Tracing Dan-el Padilla Peralta's Journey from Homeless to the Ivy League

August 19, 2015
Dan-El Peralta Undocumented Book Cover

Dan-el Padilla Peralta feels an unusual connection to the former prisoners he taught this summer as part of Columbia’s Justice-in-Education initiative. He knows what it is like to feel “condemned to the periphery of American society,” he says. A lecturer in the Classics Department and a member of Columbia’s Society of Fellows, Padilla, born in the Dominican Republic, grew up in New York City as an undocumented immigrant. “It shut so many doors,” he says. “I could be deported at any time.”

He was four years old when his parents brought him to New York so his mother, then pregnant with his younger brother, could get medical care for diabetes. When their tourist visa expired, his parents paid a private immigration service to get an extension but never heard more. His father, an accountant, couldn’t find steady work and returned to Santo Domingo. His mother stayed, hoping to provide a better life for her sons.

Their story is one of luck and determination. They lived in apartments in Harlem while their mother, a pension-fund director in the Dominican Republic, worked as a maid; they also spent two years in homeless shelters. Padilla was nine years old when a book about ancient Greece and Rome in a homeless shelter library sparked his interest in the classics. A young shelter volunteer later helped him apply to Collegiate School, an elite private school in Manhattan. He was accepted with a full scholarship; no one asked about his immigration status.

Padilla went on to earn a B.A. from Princeton, an M. Phil. from Oxford and a Ph.D. from Stanford. His brother Yando graduated from Bowdoin, and is entering his second year at Fordham Law School.

He has written of his unconventional journey in a memoir, Undocumented: A Dominican Boy’s Odyssey from a Homeless Shelter to the Ivy League, published by Penguin Press in July. At the beginning is a quote from Sen. Jeff Sessions (R. Ala.), “Fundamentally, almost no one coming from the Dominican Republic to the United States is coming because they have a skill that would benefit us and that would indicate their likely success in our society,” Sessions said on the Senate floor in 2006.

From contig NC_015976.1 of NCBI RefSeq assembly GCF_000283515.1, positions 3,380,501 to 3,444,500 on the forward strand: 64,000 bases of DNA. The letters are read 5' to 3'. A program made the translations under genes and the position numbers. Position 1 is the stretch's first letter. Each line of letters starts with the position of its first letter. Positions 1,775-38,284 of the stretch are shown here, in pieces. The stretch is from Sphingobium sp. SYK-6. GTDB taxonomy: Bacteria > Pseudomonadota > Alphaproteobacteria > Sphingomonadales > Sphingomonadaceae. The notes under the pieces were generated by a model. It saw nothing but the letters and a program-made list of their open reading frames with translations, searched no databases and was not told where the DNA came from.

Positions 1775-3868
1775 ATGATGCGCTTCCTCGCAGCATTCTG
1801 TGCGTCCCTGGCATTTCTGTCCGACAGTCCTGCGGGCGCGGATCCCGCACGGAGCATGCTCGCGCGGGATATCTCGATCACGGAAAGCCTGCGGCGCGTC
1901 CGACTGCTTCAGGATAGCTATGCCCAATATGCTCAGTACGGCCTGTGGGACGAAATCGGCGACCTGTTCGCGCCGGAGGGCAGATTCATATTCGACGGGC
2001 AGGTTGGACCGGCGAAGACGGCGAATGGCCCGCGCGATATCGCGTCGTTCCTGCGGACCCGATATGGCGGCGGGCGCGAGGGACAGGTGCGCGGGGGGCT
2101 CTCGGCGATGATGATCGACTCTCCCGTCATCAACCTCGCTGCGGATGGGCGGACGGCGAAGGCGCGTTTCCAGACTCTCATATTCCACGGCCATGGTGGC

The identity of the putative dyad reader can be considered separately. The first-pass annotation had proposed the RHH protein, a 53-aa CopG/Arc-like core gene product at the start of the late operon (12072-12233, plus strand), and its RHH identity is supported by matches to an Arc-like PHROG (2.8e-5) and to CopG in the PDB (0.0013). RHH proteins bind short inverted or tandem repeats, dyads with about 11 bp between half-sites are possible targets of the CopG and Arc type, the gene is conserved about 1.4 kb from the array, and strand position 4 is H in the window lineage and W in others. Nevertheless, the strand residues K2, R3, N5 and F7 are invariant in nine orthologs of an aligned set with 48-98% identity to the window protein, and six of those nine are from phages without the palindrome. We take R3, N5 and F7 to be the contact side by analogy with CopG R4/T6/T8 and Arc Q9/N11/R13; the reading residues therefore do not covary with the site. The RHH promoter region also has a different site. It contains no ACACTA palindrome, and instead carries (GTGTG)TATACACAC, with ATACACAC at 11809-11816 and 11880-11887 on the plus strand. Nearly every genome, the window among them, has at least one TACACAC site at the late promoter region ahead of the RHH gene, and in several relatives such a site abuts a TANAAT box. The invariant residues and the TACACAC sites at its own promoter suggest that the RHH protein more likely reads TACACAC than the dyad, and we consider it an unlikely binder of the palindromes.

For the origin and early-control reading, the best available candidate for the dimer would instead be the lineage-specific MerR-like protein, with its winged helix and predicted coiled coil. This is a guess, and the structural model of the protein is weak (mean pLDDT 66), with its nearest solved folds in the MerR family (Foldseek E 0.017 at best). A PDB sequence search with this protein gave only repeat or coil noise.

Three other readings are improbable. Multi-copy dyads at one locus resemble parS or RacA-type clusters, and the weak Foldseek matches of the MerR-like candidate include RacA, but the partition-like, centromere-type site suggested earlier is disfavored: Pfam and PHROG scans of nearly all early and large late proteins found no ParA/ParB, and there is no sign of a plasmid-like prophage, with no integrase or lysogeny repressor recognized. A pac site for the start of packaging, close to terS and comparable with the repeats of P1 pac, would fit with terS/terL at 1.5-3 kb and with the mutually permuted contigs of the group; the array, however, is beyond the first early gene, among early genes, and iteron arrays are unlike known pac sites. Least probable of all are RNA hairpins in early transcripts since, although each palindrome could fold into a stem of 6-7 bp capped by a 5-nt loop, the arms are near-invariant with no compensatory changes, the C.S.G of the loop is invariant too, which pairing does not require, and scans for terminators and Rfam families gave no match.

This summer, Padilla taught a course to former prisoners based on the Core Curriculum required of all Columbia undergraduates, with readings from Homer, Plato and Aristotle, Shakespeare, W.E.B. DuBois and Tayeb Salih. “It’s about helping them develop the skills needed to understand these texts,” said Padilla, who taught a section of the Core to sophomores last fall. The former prisoners who completed the summer class earned four credits and plan to continue their education at various schools in New York.

Padilla was salutatorian of his graduating class at Princeton in 2006 and gave the traditional Commencement address in Latin. He also won a prestigious fellowship to Oxford University, but as an undocumented immigrant, he didn’t think he could go; if he left the U.S. he couldn’t return for 10 years. With Princeton’s help, and money he raised to pay a lawyer, Padilla obtained a work visa to be a Princeton research assistant during vacations from Oxford.

Padilla's mother, a pension-fund director in the Dominican Republic, worked as a maid after arriving in the U.S. Image Courtesy of Dan-El Padilla Peralta.

Padilla, who will turn 31 in September, came to Columbia last fall. He is working on a second book, Divine Institutions: Religion and State Formation in Republican Rome, a revision of his Ph.D. thesis scheduled for publication in 2017.

“He is an extraordinarily talented and devoted teacher and just about the best role model one could imagine,” says Eileen Gillooly, executive director of the Heyman Center, who asked him to teach the summer course. She notes that Padilla was the top choice among more than 1,000 applicants for the Columbia fellowship. He currently has a student visa. In March he married his longtime girlfriend, a New Jersey native, and has applied for a green card, the first step on the path to U.S. citizenship.

His memoir ends with a reflection on what it means to be an undocumented immigrant. “As much as I love America, I’m angry with it, too,” he writes. “Every single day, the ambitions and aptitudes of the undocumented millions are trivialized and marginalized by an immigration policy lacking in rationality and justice… My hope for this book is that it will communicate a sense of their potential contribution.”

— By Georgette Jasen